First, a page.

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'It is very tough to play in India'
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January 25, 2006

That Ian Anderson's wit can cut you down to size is evident from his All Too Frequently Asked Questions note to journalists, where he emulates a routine interview.

Sample this answer to the question 'Do you have Family? A wife? Children? Where do you live?'

Ian Anderson: 'I enjoy the company and love of my wife of 23 years, Shona, two children, James and Gael, both at University, five cats, two dogs and some horses and chickens. We live in an eighteenth century English country house with a recording studio, 400 acres of wheat, barley and trees about 100 miles west of London [Images]. Disgusting isn't it? Want to swap? Thought so.'

So, in the second part of his interview with the Jethro Tull frontman, talented guitarist and Features Editor Sumit Bhattacharya treads carefully with his questions till rock's most famous flautist wraps up the telephone conversation with a genial, "Thank you for your time and attention."

Don't miss the first part of the Ian Anderson interview: Jethro Tull and the Chicket Tikka Masala invasion

When you tour a country do you consciously take the time out to watch people and observe the culture or is it just fly in, give interviews, play and fly out?

Sometimes, regrettably, it is fly in, give a few interviews, play a couple of shows and fly out. But in that brief time, as a working musician, you are interfacing with people both in the audience and the people around you -- the people in the media, the people you are working with on a more pedantic level, the crew, people in the venue� If you keep your ears and eyes open you still learn a lot about a country when you are there working with people.

I think the danger is as a tourist if you come in, then you are either going to remain in your little beachside bubble or you are going to be transported around the five essential things a tourist must do. You are transported in your little bubble with your tour guide who carefully edits out the bad bits and makes sure you receive the good bits. And that isn't necessarily the most productive of experiences. Nothing wrong with it, but it's not going to perhaps give you as much as I think I get because I'm there in a working capacity.

I'm there to become involved with in a very direct and sometimes quite emotional way. So I think I learn more when I come to work and do concerts than I would as a tourist. 

Coming to music, you had said in an interview that Hotel California was 'stolen' from a Jethro Tull song.

Well I have never made that allegation.

I have pointed out that other people have told me that. And I think they wouldn't use the word 'stolen' -- that's a little over-ambitious, a little over-egging the reality. I know The Eagles played with Jethro Tull when they first started. They were actually our support band in 1972. And I believe at that time we may well have been playing that song -- my song which they said Hotel California was like (Hums the tune, which sounds the same as On a dark desert highway, cool wind in my hair). We used to know, it was called. And the thing is Hotel California shares something of the same melody but definitely the same chord sequence.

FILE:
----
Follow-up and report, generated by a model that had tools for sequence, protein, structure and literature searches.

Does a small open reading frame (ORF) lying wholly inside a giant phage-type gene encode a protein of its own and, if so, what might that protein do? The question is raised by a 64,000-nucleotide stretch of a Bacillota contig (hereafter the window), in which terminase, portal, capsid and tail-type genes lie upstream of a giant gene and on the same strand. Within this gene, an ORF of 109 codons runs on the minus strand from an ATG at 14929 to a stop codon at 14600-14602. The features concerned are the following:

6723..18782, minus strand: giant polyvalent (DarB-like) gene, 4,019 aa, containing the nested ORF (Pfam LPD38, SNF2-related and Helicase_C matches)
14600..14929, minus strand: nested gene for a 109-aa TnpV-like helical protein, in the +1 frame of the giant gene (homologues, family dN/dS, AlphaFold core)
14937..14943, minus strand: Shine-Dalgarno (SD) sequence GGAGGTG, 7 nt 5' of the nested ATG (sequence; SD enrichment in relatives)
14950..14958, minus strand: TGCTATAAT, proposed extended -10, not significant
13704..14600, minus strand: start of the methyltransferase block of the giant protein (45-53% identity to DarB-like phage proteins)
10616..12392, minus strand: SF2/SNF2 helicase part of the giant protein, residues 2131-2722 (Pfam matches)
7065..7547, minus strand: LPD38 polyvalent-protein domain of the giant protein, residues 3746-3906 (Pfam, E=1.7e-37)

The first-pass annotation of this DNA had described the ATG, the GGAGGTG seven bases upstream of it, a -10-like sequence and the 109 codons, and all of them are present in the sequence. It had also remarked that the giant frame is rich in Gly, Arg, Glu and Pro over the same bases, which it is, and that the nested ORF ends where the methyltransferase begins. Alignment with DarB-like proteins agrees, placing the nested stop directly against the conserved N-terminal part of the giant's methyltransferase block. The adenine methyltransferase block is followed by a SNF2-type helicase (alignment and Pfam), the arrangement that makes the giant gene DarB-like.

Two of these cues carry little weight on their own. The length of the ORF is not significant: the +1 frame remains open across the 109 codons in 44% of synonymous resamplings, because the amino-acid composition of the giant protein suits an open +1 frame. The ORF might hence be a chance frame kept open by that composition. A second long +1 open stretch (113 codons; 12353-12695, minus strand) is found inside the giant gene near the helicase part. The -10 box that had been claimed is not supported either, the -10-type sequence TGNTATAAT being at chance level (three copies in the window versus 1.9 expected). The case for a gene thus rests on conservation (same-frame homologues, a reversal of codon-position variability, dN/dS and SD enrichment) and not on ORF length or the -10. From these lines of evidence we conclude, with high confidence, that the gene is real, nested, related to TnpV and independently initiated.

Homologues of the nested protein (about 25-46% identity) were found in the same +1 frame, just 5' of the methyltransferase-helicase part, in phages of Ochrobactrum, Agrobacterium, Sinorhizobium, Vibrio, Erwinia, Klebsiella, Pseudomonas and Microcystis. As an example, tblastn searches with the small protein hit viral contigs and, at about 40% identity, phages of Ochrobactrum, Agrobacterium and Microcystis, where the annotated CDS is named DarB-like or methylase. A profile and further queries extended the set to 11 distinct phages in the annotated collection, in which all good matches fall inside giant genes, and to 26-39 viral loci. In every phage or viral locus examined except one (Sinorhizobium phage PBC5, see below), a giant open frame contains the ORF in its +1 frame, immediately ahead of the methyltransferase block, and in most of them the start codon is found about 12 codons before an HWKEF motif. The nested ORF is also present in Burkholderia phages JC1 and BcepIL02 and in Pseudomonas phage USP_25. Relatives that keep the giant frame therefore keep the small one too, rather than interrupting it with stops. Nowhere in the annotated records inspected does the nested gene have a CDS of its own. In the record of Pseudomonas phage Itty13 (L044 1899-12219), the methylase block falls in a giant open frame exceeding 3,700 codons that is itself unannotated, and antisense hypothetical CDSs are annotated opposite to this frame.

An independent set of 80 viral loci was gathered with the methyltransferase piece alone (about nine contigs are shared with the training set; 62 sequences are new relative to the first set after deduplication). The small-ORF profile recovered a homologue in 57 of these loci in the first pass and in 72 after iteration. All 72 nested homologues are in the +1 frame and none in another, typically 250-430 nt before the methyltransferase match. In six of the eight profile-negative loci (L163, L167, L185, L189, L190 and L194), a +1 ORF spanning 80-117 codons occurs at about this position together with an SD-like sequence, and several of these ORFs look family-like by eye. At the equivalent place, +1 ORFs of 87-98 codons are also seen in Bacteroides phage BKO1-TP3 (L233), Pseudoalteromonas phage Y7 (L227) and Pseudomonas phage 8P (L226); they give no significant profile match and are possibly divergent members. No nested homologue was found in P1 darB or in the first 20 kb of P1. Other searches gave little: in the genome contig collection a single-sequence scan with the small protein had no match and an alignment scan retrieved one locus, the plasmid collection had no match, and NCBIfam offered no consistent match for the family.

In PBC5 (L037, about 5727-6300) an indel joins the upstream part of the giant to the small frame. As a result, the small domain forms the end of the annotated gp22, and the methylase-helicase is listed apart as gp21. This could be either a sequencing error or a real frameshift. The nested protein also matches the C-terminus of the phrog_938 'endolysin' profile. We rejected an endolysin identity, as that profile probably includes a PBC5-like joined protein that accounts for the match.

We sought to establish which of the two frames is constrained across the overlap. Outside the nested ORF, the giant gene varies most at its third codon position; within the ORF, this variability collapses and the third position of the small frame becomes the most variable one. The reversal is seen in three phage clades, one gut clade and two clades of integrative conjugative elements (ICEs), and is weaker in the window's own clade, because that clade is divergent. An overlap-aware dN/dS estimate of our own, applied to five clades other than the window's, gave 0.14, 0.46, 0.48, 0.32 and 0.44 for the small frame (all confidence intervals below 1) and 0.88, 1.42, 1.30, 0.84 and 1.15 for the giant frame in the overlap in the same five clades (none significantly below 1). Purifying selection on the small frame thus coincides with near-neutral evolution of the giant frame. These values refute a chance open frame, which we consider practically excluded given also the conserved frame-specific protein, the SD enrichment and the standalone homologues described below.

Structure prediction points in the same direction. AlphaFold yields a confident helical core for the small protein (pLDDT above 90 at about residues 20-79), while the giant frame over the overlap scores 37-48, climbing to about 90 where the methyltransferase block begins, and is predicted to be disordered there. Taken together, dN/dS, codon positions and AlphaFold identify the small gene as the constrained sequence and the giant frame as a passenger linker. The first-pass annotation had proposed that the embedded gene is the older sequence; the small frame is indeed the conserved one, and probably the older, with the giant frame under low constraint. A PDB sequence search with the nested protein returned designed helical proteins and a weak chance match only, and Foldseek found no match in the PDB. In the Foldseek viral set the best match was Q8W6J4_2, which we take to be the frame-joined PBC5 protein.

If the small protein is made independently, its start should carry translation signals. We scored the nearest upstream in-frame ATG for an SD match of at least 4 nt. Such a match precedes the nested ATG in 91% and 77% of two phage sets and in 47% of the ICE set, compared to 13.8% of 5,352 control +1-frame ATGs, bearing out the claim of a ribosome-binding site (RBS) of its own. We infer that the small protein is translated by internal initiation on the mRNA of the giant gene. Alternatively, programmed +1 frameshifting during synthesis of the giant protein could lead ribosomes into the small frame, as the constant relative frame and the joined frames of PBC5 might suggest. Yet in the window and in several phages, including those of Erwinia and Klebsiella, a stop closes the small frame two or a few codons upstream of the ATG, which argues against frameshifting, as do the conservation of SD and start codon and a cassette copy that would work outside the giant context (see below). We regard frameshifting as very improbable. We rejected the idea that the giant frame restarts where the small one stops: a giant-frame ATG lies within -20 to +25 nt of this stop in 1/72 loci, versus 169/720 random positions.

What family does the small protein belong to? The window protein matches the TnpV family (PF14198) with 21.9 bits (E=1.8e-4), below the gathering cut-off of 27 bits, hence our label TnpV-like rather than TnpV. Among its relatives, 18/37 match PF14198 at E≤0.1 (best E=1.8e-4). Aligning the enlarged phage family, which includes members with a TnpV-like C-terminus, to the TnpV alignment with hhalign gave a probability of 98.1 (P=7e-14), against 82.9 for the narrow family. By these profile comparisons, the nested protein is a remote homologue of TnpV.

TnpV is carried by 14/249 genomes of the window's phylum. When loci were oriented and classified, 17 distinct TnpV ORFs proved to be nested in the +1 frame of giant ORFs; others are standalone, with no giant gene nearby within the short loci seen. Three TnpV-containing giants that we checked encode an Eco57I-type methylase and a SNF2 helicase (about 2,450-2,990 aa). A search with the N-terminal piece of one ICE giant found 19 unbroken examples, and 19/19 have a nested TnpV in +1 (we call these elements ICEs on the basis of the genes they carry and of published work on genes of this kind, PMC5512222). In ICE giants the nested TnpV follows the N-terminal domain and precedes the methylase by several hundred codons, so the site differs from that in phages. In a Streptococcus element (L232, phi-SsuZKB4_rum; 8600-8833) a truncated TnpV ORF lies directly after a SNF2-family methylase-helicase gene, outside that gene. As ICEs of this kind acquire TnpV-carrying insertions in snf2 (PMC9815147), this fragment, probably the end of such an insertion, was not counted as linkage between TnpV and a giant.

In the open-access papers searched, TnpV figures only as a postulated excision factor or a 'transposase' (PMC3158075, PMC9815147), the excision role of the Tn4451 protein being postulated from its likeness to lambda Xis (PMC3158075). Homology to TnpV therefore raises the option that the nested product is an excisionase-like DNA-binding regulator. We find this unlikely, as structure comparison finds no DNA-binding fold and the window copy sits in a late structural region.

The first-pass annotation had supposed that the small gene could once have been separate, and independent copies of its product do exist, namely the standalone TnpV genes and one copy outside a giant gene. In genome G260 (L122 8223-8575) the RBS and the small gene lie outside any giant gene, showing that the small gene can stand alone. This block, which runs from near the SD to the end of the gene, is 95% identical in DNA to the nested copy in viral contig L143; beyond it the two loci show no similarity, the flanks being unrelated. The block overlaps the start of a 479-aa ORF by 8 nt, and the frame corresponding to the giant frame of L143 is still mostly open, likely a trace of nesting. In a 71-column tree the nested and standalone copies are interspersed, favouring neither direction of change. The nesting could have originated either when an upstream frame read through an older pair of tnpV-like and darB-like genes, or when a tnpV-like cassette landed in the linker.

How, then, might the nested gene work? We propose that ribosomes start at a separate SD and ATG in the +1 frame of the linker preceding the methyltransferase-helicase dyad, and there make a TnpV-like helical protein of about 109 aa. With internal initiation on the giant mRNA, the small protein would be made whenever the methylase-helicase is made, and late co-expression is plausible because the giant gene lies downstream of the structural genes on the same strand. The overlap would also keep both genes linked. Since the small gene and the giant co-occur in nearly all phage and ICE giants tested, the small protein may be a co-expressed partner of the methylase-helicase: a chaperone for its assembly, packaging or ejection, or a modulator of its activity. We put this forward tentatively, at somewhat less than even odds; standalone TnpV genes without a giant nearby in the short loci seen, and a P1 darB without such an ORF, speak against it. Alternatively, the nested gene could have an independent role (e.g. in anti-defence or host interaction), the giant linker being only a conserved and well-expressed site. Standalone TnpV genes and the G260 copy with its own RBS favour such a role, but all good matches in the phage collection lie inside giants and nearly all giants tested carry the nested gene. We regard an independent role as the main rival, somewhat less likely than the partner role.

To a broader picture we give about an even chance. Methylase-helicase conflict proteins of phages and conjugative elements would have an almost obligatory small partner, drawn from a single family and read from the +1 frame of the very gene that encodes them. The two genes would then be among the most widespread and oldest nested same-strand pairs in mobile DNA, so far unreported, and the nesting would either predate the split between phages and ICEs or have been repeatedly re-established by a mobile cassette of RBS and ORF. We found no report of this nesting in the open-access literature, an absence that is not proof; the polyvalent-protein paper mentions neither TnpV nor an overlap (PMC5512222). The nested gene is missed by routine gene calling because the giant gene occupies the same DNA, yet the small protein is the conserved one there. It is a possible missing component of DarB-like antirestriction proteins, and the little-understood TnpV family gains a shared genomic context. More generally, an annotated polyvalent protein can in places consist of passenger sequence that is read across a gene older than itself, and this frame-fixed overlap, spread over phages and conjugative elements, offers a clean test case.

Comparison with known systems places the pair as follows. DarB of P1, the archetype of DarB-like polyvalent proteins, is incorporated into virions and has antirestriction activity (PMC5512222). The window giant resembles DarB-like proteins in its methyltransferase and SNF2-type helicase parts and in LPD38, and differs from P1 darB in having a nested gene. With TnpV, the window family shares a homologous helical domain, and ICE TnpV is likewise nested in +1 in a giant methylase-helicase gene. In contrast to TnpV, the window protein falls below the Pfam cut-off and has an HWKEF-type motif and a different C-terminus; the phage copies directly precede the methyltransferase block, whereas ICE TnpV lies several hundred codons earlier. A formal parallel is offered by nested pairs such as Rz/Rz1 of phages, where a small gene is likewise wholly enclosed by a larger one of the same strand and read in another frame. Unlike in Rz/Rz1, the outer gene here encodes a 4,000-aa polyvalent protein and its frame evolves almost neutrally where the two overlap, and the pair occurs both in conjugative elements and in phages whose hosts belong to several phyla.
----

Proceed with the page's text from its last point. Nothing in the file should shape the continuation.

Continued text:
I have always said -- in good humour and joking spirit -- 'Hey, I wish I had written Hotel California. Well maybe I did!'

People hear, it's not deliberate plagiarism. They hear something, and quite often accidentally -- or sometimes intentionally -- will take elements of somebody else's work and incorporate it into their own.

But I take that as a compliment, not as an insult, or having something stolen from me.

There are only 12 notes in the Western musical scale. The chances are in your lifetime as a songwriter and musician you're going to find yourself picking out of those 12 notes -- a few of them in the same order that somebody else did.

As you can imagine, it's getting harder and harder for people to write original-sounding music as we go on. We tend to be rather boringly recreating and reusing ideas that have been from the past 50 years of music.

So contemporary pop and rock music is very often incredibly familiar-sounding to old codgers like me who think, 'Oh, I think I've heard that before.' 

It doesn't necessarily mean someone's stolen something. As long as I can remember, there have been lots of cases where things have sounded uncannily like something else, but we shouldn't get our knickers in a twist.

In your All Too Frequently Asked Questions section, you've said music never really changes. So would you say there is no new frontier possible in music anymore?

Well we only have two ears, you know. We have physical constraints -- we have two ears and a certain range of sounds and noises that we find physiologically acceptable; they are not unpleasant noises.

There are lots of noises that actually just make us screw our faces up and we don't like them because they are too loud or too shrill� They are never going to be good musical noises. Music tends to be a little sweeter on the ear.